In a move aimed at stabilizing the solar sector, regulatory officials have tweaked a months-old transition program to fund new solar projects in New Jersey by increasing incentives to build new systems over the next three years.
Without the changes, solar developers questioned whether the incentives under the transition program would be too small to allow projects to move forward and thereby undermine the state’s goals of achieving 100% clean energy by 2050.
The decision by the state Board of Public Utilities on Monday is the latest twist in its efforts to overhaul how New Jersey funds solar projects — given a mandate to rein in costs passed along to all utility customers under a law passed nearly two years ago. Those costs now run more than a half billion dollars a year.
Doing so, however, has proved extremely difficult. The state’s recently adopted Energy Master Plan banks on New Jersey getting 34% of its electricity from solar systems by mid-century, a target even solar lobbyists deem very aggressive.
In trying to reduce costs, the Legislature and governor created a cap to limit solar-project costs incurred by utility customers, initially set at 9% of all electricity sales during the first three years and then amounting to more than 7% during subsequent years.
Because the state is not projected to exceed the cap in the first three years, lawmakers passed a bill earlier this year to allow flexibility to shift some of those costs to later years when subsidies paid by utility customers for solar projects are expected to drop.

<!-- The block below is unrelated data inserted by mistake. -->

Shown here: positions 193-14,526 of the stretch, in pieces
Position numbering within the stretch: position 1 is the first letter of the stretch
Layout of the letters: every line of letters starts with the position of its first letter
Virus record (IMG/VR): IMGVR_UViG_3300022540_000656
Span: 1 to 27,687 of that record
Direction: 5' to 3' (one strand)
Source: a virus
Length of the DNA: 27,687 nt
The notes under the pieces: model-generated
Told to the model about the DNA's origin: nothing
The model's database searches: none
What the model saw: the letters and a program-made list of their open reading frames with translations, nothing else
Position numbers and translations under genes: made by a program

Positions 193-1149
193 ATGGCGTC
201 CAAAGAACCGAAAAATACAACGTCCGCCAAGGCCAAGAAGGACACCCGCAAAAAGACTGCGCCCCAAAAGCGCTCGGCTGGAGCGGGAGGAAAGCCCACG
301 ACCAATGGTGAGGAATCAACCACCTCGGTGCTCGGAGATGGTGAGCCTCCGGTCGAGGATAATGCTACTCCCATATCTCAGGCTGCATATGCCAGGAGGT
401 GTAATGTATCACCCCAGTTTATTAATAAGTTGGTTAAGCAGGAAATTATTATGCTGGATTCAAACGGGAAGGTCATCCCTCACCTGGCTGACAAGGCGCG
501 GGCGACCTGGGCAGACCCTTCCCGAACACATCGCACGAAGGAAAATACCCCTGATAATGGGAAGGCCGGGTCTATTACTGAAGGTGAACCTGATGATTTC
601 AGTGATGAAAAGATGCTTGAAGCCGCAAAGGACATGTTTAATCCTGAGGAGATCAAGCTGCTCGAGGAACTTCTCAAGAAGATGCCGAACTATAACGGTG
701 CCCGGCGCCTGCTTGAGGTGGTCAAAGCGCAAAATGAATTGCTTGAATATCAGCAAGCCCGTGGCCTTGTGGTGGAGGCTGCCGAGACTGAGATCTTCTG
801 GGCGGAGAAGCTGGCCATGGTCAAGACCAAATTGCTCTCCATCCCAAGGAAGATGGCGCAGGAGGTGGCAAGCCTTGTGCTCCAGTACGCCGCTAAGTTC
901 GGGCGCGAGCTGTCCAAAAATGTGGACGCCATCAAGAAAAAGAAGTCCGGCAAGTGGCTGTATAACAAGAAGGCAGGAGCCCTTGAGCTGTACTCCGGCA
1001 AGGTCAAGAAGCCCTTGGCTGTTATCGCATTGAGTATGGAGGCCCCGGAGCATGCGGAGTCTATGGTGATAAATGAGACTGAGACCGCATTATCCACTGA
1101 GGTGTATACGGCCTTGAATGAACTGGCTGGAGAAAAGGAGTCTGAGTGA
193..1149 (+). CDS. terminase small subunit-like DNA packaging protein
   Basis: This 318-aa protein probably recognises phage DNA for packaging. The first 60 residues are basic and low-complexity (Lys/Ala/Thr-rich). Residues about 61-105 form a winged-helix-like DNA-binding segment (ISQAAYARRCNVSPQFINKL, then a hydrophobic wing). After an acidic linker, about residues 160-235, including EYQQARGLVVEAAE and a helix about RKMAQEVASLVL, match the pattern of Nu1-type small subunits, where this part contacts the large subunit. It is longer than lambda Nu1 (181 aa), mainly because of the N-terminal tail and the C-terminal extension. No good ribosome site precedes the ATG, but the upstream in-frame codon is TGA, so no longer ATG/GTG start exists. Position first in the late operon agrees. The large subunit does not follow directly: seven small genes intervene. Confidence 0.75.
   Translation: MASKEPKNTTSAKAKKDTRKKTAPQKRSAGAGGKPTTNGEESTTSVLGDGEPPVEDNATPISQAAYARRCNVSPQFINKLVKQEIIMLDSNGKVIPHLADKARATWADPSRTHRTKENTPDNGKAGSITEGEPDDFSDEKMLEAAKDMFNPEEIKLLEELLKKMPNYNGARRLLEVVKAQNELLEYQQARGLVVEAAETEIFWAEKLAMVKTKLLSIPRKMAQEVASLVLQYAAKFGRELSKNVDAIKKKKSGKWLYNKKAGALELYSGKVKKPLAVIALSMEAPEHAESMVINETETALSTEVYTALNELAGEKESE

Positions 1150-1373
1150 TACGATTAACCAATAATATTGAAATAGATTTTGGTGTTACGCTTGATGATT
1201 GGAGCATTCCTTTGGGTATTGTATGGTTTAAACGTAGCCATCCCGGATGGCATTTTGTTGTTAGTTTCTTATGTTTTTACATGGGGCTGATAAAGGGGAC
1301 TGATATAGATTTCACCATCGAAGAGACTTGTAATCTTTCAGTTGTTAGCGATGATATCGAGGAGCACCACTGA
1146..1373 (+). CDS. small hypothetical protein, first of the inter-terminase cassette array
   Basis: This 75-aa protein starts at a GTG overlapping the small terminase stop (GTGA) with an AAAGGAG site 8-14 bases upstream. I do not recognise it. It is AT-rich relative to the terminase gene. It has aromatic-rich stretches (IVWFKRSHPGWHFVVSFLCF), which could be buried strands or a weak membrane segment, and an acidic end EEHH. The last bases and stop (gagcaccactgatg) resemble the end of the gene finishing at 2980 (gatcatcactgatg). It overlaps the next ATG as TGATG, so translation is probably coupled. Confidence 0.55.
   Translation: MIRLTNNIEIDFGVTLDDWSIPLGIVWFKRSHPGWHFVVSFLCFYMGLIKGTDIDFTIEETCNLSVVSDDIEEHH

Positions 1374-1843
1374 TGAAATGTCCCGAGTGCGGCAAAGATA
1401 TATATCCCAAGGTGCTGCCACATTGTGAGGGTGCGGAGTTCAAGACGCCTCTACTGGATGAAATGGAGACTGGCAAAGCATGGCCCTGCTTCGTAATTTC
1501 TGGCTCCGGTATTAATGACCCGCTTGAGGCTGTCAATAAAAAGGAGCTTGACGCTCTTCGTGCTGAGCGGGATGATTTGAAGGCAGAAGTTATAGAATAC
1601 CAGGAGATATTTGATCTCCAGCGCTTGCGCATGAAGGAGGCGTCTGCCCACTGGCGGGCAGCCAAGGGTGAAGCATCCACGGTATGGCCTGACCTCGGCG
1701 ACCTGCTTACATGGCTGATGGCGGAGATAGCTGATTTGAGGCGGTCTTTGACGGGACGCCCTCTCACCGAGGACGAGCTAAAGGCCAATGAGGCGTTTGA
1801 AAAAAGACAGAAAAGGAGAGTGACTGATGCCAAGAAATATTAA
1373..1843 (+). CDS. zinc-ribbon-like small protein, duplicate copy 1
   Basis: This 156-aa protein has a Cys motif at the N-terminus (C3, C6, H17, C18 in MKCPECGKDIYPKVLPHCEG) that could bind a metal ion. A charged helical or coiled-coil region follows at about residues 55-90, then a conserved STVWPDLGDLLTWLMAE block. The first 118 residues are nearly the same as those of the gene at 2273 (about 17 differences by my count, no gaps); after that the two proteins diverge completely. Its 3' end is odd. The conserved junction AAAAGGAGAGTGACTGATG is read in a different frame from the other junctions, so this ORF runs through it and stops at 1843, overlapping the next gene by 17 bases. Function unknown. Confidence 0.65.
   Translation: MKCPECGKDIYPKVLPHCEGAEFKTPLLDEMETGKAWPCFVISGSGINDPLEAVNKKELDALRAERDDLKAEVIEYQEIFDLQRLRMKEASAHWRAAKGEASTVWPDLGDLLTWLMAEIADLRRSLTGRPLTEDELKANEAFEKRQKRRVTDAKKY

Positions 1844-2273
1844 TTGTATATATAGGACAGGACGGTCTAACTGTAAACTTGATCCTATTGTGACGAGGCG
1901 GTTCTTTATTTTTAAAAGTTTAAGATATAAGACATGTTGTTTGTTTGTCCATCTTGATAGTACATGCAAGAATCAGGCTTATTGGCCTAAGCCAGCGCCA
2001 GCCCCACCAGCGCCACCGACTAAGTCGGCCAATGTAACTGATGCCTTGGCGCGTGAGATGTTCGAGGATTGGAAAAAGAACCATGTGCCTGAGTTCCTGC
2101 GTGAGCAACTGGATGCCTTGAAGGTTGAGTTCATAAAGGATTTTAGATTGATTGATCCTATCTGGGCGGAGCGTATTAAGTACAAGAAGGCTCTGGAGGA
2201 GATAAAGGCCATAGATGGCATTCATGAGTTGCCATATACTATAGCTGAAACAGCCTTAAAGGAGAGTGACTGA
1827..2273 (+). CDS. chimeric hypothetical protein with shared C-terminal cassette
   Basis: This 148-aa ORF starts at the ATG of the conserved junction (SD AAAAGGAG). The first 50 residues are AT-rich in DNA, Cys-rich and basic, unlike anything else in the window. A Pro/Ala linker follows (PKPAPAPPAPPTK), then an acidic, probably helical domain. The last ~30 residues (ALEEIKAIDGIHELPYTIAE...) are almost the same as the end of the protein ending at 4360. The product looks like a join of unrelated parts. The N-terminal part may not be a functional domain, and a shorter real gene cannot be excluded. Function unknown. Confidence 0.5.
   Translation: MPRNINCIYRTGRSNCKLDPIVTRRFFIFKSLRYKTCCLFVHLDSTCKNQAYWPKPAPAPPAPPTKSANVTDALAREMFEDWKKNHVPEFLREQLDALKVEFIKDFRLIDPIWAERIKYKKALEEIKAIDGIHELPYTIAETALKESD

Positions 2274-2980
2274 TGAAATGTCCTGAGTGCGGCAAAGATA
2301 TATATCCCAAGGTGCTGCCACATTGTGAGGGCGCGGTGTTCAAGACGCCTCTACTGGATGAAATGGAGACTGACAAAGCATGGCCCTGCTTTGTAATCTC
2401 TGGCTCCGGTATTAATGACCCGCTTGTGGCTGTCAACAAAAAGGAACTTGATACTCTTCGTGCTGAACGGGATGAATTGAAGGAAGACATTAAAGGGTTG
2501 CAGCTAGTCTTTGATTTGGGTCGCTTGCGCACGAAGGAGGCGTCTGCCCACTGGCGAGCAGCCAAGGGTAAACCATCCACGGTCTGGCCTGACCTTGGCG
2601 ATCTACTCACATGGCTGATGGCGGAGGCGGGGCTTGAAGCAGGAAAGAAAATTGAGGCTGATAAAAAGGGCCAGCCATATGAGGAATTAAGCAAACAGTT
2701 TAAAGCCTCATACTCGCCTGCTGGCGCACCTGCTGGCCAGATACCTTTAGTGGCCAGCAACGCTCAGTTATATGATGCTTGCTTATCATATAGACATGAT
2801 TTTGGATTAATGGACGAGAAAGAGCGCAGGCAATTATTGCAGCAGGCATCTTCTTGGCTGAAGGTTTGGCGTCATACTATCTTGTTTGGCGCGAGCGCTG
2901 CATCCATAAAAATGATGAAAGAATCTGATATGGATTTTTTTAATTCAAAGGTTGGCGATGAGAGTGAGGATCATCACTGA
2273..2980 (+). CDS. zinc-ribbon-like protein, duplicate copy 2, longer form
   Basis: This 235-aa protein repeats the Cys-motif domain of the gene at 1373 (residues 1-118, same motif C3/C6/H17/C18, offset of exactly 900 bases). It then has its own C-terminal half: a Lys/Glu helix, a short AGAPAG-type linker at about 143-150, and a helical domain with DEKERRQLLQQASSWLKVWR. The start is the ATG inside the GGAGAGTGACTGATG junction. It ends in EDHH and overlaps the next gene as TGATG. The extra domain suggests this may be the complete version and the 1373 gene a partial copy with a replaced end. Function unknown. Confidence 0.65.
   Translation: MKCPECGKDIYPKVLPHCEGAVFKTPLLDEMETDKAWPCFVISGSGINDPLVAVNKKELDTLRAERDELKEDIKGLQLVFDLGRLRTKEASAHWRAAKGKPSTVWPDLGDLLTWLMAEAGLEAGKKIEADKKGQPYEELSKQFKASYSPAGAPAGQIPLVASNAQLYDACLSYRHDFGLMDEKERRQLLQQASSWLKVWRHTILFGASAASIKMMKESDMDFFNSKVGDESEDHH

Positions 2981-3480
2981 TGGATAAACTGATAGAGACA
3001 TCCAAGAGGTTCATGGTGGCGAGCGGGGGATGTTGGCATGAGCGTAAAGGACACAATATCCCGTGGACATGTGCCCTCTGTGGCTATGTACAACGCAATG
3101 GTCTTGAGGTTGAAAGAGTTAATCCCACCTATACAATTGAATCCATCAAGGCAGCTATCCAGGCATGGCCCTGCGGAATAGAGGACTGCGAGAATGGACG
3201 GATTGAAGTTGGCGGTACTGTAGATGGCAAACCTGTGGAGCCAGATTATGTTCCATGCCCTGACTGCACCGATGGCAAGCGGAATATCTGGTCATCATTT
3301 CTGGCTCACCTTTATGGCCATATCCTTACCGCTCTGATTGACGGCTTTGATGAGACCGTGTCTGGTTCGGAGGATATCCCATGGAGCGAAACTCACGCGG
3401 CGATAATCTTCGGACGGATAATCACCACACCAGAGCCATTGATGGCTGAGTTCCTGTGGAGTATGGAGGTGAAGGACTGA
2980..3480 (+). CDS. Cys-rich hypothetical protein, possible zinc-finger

Essentially, the state is evening out the incentives, dubbed Transition Renewable Energy Certificates (TRECs) to $152 over the life of the program. Under the initial program adopted by the BPU, TRECs would have been priced at $65 for the first three years, and then rising to $189 for the remaining 12 years.
In adopting the change, the board said it is committed to both maintaining the state’s position as a solar leader and to controlling costs borne by utility customers while continuing to develop a robust successor program. The agency is now engaged in developing such a program.
Solar developers welcomed the step, although some argued the state also needs to address other issues, such as problems with projects interconnecting the power generation by solar installations with the electric grid.
“There is support for this. This is great,’’ said Fred DeSanti of the New Jersey Solar Coalition, who said at the $65 price range developers would have a hard time persuading banks and lenders to back projects because of fears they would be underwater for the first three years.
Lyle Rawlings, president and founder of Advanced Solar Products in Flemington, said under the initial incentive, projects would have had cash-flow problems for the first three years. “Investors and developers really like it,’’ he said.
Developers noted the changes made by the agency will not increase the costs to ratepayers. Still, they said the state needs to look at how solar projects can interconnect with the power grid, a problem that is becoming particularly acute in South Jersey.
“There is a disconnect between what the EMP (Energy Master Plan) is projecting and what can be built,’’ DeSanti said. Not only are solar developers having trouble interconnecting new projects with the grid, but it could also affect the state’s ambitious offshore-wind targets, he said.
Rawlings agreed, saying “It absolutely will subvert the goals of the EMP.’’
He hopes the board will initiate a new proceeding to address the interconnection problems on the grid. Developers face a wide range of fees and requirements from utilities before they can obtain agreements to connect with the power grid, according to critics.